Guatemalan Family Fights to Stay Together

Previously we have linked to stories of immigrant families being split up by U.S. Immigrations and Custom Enforcement. Last week, Brazilian Voice reported on the Quiej family, Guatemalans who face deportation. The family has lived in the United States since 1993, having fled Guatemala during the final years of the Guatemalan Civil War. They are scheduled to meet with ICE agents next week. Below is a translation of the article from Portuguese.

President Barack Obama’s pronouncement at the beginning of the summer that children brought illegally to the United States could… work legally [under temporary permits] gave hope to thousands of families, especially the Quiej family, residents of Princeton Township, N.J.

The family, which has lived illegally in the United States since 1993, has lived in Princeton for four years and has five children, two born in the United States. Last year, the government gave them one year to stay in the country, after Ebelyn, a 20-year-old who suffered from cerebral palsy, developed epilepsy.

Despite her positive reaction to physical therapy, Ebelyn’s convulsions got worse, said her mother, Graciela Quiej.

Last year, U.S. Immigration and Customs Enforcement informed the Quiej family that they would have one year to leave the country. (Photo via Brazilian Voice)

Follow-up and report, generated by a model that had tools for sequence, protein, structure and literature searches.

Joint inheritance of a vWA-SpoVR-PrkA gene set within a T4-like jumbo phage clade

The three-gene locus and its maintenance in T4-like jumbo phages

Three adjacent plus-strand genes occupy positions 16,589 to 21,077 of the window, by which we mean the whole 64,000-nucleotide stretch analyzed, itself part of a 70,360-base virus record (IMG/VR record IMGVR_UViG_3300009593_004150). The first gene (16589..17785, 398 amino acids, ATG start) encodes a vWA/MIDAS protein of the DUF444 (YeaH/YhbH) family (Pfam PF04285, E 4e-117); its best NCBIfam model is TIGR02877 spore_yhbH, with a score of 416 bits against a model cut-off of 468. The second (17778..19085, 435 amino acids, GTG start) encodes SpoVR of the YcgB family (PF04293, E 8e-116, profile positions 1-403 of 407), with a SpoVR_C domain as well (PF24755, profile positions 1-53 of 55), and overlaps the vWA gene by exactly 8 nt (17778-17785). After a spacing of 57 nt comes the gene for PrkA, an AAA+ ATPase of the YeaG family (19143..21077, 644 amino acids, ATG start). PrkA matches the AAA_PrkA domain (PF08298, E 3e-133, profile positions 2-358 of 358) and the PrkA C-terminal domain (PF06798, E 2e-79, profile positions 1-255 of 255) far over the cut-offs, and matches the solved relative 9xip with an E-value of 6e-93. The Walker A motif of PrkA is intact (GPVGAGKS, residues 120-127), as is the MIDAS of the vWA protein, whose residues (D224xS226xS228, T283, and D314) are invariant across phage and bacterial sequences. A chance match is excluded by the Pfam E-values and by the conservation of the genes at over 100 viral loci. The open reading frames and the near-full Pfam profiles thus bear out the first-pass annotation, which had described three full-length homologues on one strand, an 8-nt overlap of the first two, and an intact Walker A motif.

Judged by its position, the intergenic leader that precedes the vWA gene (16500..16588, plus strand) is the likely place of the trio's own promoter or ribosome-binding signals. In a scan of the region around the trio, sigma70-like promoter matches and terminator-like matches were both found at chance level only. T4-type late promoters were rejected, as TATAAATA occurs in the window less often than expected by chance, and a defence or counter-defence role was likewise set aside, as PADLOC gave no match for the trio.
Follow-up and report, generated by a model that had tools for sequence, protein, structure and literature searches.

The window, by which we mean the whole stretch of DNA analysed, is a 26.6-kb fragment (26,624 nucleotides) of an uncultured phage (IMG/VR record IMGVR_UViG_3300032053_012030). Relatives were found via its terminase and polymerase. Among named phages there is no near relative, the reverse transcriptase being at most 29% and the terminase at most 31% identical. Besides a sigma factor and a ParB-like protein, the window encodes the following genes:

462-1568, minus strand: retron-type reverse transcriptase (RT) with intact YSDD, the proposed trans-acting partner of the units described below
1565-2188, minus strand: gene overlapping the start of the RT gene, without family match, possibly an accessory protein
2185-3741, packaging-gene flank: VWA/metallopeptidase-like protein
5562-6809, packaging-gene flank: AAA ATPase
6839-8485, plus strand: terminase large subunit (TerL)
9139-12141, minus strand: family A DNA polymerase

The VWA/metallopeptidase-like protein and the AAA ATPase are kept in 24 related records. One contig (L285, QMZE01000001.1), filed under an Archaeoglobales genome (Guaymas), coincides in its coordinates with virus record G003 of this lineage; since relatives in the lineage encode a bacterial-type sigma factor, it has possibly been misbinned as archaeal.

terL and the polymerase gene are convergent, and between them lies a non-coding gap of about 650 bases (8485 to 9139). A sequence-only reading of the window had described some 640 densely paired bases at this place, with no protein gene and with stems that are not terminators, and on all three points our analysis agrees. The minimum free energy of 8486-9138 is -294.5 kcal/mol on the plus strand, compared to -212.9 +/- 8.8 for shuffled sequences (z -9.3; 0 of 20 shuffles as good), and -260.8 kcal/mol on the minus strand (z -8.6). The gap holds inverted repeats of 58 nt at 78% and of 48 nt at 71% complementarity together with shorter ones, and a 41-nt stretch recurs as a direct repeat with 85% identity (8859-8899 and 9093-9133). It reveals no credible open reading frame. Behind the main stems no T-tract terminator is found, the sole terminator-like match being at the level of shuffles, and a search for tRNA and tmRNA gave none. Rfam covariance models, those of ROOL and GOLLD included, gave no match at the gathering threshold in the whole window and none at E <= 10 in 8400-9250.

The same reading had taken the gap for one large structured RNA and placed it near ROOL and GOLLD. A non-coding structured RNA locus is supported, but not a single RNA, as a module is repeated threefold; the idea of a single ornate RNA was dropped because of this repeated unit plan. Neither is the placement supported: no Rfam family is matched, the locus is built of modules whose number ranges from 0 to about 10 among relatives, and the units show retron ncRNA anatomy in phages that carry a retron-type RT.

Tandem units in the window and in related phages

Ebelyn’s father, Javier Quiej, fled war-torn Guatemala in 1991, followed by his wife and three children in 1993. After refusing voluntary deportation at the end of the 1990s, the Quiej family was lucky enough to “keep under the radar” until U.S. Immigration and Customs Enforcement agents knocked on their door at 6 a.m. one morning in 2008.

Javier and his son, Javier Jr., were taken by agents.

“They spent approximately two weeks detained in separate penitentiaries,” said Maria Juega, an activist for the Latin American Legal Defense and Education Fund. “They were freed under supervision and as a direct result of public pressure.”

After the incident, Javier had to report to ICE headquarters in Marlton, N.J. every month, added Juega. Last year, ICE informed the Quiej family that they should leave the country, however, Stephen Traylor, a lawyer with offices in Princeton, was able to extend the looming deadline. This year he will try again, so that the family can stay another year.

“Now, the laboratory is offering free medicine to Ebelyn,” said Traylor. “That could end if they return to Guatemala, where getting medicine would be difficult and very expensive.” At the same time, he knows that there is no way to know for sure how long ICE will let them stay in the country.

“In the past, they gave consideration [to special cases], but there are no guarantees,” said Traylor. “I’ve seen some agents be supportive, others not so much.”

With the one-year deadline approaching, the Quiej family will have to do an interview on July 18.

“It’s scary,” said Javier Jr. “You never know what can happen.”

After ICE agents conduct the interview, the Quiej family will have to wait six weeks or more for a final decision as to whether or not they can stay in the country.

“There are strong, human considerations to be made here,” concluded Juega. “It will be a very controversial decision if they resolve to separate the family.”

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